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Remembering Dale Earnhardt Sr.

dale earnhardt

Dale Earnhardt, Sr. is greatly missed in the world of stock car racing and NASCAR. He was killed instantly during the Daytona 500 on February 18, 2001 after a collision with Ken Schrader and Sterling Marlin on the final lap.

Earnhardt was one of the great racers, as well as a team owner. He began his professional racing career in 1975 in the Winston Cup Series and won more than 76 races. One of his greatest victories was the 1998 Daytona 500.

He captured seven Winston Cup titles in all, tying the legendary Richard Petty. Inducted into the NASCAR Hall of Fame in 2010, Earnhardt earned the nickname “The Intimidator” thanks to his aggressive driving style.

Earnhardt was born into a racing family in North Carolina in April 1951. His father Ralph was a noted short-track driver in his home state and mentored his son before dying of a heart attack at the age of 45 in 1973.

While Ralph did not pursue a professional career, Dale dropped out of high school to chase his driving dreams. Dale later passed his love of racing to Dale, Jr., now a top NASCAR driver.

Although Dale is known for driving the No. 3 car he started his Winston Cup career manning the No. 8 Dodge Charger. He finished 22nd in his first race and wasn’t a regular participant in the Cup series until 1979.

Earnhardt’s career blossomed after joining Rod Osterlund Racing. He won at Bristol in 1979 and finished with 11 top 5s. In 1980, Earnhardt won five races and took home his first Winston Cup championship.

Earnhardt joined Childress Racing in 1984 and finished his career with that team. The rest is history.

Today, Earnhardt is still remembered fondly around NASCAR racetracks. “Earnhardt Tower”, a section of seats at Dayton International was named in his honor following his death. He also has many roads and streets named after him, including one in his hometown of Kannapolis, North Carolina.

When Jimmie Johnson won his 76th career race at Atlanta Motor Speedway in 2016, tying Earnhardt’s record, the driver held up three fingers out his window to honor Earnhardt.  Johnson’s sign of respect was reminiscent to what fans did during the third lap of every NASCAR race following Earnhardt’s death.

He may be gone, but Dale Earnhardt’s legacy will always live.

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National Association for Stock Car Auto Racing

National Association for Stock Car Auto Racing, better known as Nascar sends some adrenaline flowing. A stock car means the one which is available with the dealer for sale. It could also mean a racing car having the same chassis available with a normally available car. In that sense, Nascar car is not really a racing car, but the one which you drive on normal roads. But then the difference is of winning.

This difference of winning has snatched honesty of some of the people in the past. It had to be winning at any cost. Some of the prime examples of such tricks on Nascar circuit have been laid out to make your reading interesting and also to ‘enlighten’ you.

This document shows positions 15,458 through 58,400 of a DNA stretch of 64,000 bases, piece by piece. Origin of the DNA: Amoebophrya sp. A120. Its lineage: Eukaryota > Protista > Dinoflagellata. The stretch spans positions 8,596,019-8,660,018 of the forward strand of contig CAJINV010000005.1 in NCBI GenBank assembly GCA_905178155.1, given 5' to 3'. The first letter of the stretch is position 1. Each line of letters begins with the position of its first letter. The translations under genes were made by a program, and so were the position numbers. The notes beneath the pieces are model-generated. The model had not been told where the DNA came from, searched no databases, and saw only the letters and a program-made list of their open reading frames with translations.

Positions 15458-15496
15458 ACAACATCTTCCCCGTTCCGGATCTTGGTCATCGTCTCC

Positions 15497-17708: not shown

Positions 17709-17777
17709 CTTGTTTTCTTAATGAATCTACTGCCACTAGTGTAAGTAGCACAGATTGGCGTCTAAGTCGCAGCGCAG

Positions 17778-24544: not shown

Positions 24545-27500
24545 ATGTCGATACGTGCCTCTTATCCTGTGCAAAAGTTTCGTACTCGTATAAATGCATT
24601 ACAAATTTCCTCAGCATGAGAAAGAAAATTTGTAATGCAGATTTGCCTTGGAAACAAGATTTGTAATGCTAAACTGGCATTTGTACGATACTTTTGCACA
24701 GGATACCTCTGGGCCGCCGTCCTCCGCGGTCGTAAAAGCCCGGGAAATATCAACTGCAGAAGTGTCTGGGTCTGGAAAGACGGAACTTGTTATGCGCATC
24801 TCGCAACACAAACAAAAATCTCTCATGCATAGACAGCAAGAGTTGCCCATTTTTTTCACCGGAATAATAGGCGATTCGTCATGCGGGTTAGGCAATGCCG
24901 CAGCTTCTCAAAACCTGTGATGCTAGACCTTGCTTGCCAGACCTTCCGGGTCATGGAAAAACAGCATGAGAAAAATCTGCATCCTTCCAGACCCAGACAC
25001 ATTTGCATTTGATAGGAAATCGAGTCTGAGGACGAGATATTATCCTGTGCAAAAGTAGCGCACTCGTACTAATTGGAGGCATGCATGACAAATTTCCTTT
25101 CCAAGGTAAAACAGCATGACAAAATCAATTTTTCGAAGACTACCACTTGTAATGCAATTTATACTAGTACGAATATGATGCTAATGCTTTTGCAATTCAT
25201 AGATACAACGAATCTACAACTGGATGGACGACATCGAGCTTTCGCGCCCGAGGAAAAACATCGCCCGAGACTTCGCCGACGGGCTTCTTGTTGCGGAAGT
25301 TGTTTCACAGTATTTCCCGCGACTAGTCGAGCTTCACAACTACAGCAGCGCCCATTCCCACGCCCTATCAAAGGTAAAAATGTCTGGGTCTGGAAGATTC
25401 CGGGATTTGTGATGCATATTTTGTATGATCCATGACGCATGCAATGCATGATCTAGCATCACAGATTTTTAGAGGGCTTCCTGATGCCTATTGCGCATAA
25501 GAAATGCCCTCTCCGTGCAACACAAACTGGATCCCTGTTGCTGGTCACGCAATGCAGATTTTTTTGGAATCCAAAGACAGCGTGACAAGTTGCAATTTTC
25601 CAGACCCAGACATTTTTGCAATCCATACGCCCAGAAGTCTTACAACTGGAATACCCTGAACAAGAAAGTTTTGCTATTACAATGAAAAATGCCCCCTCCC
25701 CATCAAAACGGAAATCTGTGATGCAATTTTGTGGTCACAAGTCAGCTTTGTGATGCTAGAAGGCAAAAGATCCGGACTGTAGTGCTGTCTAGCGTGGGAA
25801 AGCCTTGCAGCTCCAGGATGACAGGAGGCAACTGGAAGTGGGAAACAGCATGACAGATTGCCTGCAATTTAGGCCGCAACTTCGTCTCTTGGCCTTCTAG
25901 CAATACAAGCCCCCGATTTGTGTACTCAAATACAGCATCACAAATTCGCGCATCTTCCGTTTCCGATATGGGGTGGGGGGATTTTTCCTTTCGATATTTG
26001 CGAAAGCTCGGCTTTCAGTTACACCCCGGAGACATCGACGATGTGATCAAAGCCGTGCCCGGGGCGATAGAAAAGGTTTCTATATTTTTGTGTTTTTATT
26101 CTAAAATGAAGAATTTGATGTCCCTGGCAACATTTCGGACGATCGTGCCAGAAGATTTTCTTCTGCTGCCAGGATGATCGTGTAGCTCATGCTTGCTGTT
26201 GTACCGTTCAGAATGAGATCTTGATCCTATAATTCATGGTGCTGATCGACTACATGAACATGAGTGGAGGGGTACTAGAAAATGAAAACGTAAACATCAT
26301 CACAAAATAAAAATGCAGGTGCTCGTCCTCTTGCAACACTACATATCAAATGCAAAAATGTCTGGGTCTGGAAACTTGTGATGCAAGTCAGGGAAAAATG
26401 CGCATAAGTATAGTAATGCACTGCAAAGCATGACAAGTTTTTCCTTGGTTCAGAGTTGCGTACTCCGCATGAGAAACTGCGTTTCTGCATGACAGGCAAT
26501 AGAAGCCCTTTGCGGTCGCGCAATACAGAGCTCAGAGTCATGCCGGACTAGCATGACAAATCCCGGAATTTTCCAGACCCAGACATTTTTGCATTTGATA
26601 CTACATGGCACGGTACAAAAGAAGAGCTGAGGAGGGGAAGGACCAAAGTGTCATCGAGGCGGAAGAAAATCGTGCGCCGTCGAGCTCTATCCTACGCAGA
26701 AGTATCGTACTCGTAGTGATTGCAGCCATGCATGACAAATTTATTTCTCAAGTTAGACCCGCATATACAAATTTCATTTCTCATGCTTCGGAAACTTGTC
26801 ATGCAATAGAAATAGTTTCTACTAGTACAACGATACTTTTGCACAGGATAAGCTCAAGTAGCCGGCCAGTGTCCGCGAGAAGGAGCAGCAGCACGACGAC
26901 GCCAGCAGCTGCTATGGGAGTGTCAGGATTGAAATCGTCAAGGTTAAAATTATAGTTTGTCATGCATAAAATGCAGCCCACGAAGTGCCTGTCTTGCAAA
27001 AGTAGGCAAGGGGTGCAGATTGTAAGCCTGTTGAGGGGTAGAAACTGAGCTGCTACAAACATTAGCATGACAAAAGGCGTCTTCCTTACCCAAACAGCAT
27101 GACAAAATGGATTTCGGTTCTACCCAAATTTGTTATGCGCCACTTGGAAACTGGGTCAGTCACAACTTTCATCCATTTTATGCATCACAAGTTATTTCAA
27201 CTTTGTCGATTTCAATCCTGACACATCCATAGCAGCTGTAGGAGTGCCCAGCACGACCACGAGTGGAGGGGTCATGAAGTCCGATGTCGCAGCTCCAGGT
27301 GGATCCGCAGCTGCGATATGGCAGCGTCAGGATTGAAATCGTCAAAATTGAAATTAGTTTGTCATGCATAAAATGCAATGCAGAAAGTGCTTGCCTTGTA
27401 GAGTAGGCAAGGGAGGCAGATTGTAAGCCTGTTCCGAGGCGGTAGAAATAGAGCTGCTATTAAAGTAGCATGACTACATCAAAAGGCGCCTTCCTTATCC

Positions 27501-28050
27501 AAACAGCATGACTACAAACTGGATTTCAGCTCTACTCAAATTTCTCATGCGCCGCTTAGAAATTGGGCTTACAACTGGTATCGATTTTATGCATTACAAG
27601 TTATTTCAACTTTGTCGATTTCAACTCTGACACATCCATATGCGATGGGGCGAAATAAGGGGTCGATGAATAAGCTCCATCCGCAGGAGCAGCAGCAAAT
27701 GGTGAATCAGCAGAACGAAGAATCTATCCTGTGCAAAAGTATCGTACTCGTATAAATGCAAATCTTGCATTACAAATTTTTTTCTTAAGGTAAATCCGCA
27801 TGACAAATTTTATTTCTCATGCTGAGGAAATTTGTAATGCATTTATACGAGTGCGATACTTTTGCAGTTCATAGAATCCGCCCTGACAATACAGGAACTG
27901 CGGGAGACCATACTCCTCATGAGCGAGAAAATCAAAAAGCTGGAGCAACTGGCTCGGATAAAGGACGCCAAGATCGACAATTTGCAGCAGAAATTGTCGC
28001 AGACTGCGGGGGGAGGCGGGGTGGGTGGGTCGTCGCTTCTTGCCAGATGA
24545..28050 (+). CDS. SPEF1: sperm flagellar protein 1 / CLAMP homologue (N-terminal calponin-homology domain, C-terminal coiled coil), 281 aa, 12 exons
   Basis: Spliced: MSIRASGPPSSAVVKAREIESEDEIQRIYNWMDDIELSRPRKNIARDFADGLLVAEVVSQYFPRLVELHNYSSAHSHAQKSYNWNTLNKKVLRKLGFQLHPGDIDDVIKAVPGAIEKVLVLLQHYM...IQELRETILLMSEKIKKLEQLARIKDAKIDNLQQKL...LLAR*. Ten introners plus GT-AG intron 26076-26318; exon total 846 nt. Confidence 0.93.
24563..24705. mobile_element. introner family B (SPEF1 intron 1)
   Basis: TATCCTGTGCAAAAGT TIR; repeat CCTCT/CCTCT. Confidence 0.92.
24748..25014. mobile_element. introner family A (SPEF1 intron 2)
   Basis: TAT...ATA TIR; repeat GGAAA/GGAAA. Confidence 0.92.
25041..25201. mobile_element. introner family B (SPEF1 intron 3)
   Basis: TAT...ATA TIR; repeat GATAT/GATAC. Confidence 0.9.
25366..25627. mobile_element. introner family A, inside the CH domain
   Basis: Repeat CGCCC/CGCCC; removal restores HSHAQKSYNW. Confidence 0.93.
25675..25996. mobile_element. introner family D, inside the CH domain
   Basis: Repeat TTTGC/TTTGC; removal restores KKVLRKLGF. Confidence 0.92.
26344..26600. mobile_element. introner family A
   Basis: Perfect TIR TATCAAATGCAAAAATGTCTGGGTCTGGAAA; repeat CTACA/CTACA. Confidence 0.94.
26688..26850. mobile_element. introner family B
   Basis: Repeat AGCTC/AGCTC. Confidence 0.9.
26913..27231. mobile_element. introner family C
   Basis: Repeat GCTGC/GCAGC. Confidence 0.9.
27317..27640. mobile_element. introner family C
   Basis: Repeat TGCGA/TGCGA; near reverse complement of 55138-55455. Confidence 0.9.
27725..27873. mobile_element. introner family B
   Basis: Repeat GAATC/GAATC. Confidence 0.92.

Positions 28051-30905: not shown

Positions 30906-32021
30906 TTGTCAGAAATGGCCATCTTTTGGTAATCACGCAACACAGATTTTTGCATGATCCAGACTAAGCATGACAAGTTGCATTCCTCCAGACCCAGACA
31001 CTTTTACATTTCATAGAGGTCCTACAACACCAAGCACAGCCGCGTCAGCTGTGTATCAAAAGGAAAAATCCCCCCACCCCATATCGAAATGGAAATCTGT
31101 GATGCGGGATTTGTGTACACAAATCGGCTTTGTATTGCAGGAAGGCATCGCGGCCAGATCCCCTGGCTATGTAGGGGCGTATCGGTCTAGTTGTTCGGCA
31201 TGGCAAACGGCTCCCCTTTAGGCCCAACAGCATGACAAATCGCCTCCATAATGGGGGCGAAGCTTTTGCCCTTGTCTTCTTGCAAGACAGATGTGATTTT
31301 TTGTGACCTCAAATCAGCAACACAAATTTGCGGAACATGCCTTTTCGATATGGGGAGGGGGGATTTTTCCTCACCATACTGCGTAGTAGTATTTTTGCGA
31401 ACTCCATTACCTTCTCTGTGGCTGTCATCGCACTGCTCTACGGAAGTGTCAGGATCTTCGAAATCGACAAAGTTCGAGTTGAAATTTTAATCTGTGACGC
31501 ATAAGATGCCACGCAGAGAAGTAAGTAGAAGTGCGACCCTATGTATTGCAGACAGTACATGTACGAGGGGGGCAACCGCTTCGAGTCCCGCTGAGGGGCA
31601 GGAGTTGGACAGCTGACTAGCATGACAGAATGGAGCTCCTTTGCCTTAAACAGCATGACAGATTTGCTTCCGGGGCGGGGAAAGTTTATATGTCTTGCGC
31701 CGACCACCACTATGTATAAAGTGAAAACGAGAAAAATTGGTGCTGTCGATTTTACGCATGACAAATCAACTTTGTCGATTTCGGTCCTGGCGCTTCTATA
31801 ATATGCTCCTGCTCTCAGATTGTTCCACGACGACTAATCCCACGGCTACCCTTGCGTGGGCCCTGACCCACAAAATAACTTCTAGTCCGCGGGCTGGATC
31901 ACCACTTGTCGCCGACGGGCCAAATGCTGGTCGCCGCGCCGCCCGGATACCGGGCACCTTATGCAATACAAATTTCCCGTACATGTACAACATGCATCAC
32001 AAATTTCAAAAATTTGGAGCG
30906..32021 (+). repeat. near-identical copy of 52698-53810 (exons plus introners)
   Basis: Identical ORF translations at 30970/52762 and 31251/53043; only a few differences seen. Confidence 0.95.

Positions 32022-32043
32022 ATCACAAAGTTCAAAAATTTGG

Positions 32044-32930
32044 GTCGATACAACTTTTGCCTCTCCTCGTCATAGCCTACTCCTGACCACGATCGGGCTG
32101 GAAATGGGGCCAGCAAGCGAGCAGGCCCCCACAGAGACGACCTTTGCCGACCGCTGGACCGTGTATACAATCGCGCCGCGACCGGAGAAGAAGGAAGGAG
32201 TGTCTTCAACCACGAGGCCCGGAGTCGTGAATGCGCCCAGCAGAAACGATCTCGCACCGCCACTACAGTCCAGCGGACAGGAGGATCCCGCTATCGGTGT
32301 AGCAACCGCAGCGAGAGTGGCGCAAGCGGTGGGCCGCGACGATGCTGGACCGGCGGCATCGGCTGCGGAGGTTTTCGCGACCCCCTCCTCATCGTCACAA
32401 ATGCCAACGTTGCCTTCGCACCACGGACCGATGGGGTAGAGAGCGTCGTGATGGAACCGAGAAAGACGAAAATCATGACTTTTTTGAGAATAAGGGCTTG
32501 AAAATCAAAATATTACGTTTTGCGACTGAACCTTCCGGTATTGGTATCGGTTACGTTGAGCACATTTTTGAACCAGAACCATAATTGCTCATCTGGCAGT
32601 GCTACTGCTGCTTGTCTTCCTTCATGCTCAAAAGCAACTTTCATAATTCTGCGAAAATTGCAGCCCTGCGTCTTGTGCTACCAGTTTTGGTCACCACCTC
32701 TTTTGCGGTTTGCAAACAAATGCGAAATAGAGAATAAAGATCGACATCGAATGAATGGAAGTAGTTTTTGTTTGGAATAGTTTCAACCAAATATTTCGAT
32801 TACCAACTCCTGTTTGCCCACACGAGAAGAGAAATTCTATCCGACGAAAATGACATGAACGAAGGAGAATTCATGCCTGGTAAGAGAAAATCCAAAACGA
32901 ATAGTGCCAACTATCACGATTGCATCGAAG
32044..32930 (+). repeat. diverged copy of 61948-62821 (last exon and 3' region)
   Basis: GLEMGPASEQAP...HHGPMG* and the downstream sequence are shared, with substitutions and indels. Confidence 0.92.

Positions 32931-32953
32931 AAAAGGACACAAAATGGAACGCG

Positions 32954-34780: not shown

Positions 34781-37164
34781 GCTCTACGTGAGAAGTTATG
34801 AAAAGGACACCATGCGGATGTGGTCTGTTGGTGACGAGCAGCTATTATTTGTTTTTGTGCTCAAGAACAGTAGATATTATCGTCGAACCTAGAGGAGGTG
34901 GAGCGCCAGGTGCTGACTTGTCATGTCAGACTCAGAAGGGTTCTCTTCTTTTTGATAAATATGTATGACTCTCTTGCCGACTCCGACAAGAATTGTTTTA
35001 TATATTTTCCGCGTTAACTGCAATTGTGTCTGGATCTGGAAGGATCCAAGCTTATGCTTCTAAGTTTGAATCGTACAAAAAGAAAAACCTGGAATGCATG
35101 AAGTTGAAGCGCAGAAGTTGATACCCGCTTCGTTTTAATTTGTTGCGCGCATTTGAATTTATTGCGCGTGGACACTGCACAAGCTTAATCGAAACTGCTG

Initial years of early 50’s didn’t really offer much of a chance for tricksters to showcase their talent. However, some engine tuning used to take place. Nothing more than that.

The later ‘golden’ era changed some of this when strictly Stock Car banner was somehow stretched to racing. A smart driver had deployed a trick of reducing the weight of the car. He used to have loads of buckshot and get the car ‘passed’ during an inspection. He would then very innocuously drop it down with a simple mechanism, and no wonder, his car would canter away because of lower weight.

Then there was one, a legend of sorts, called Smokey. He still enjoys a reputation – he had lots of parts in the car which were illegal. He was called to remove those parts, which was duly done. Even the fuel tank was found to be out of ’specs’ sheet. Smokey was asked to remove that too, this too was complied with. Who knows really what & why this happened, he was asked to take his car out, without the tank. Smokey didn’t utter a word, and took the car away!

Smokey is credited with yet another ‘innovation’. While being checked for adherence to specifications, each on the inspection team had a feeling that something was wrong, but nobody could really find out. It was known only when his car was compared to that available in the showroom. It was found that his car was made to be 13% smaller than the commercially available car. This reduction in size would have given tremendous advantage to Smokey – the car would have been much superior aerodynamically, and thereby zip ahead of others.

And now comes daddy of all the tricks as heard from storytellers – one driver actually had a small tank containing nitrous oxide. It was so beautifully camouflaged that no inspector could ever find it. A small pipe was used to inject this oxide in the combustion, and this pipe was disguised as a fuel pipe. Of course, the truth never was and will be found out.

Now the times have changed. Nascar has become stricter than ever it was. Penalties have been heavier than before, and most important – it is now difficult to race ahead of its inspection team, which rather used to be not so difficult.

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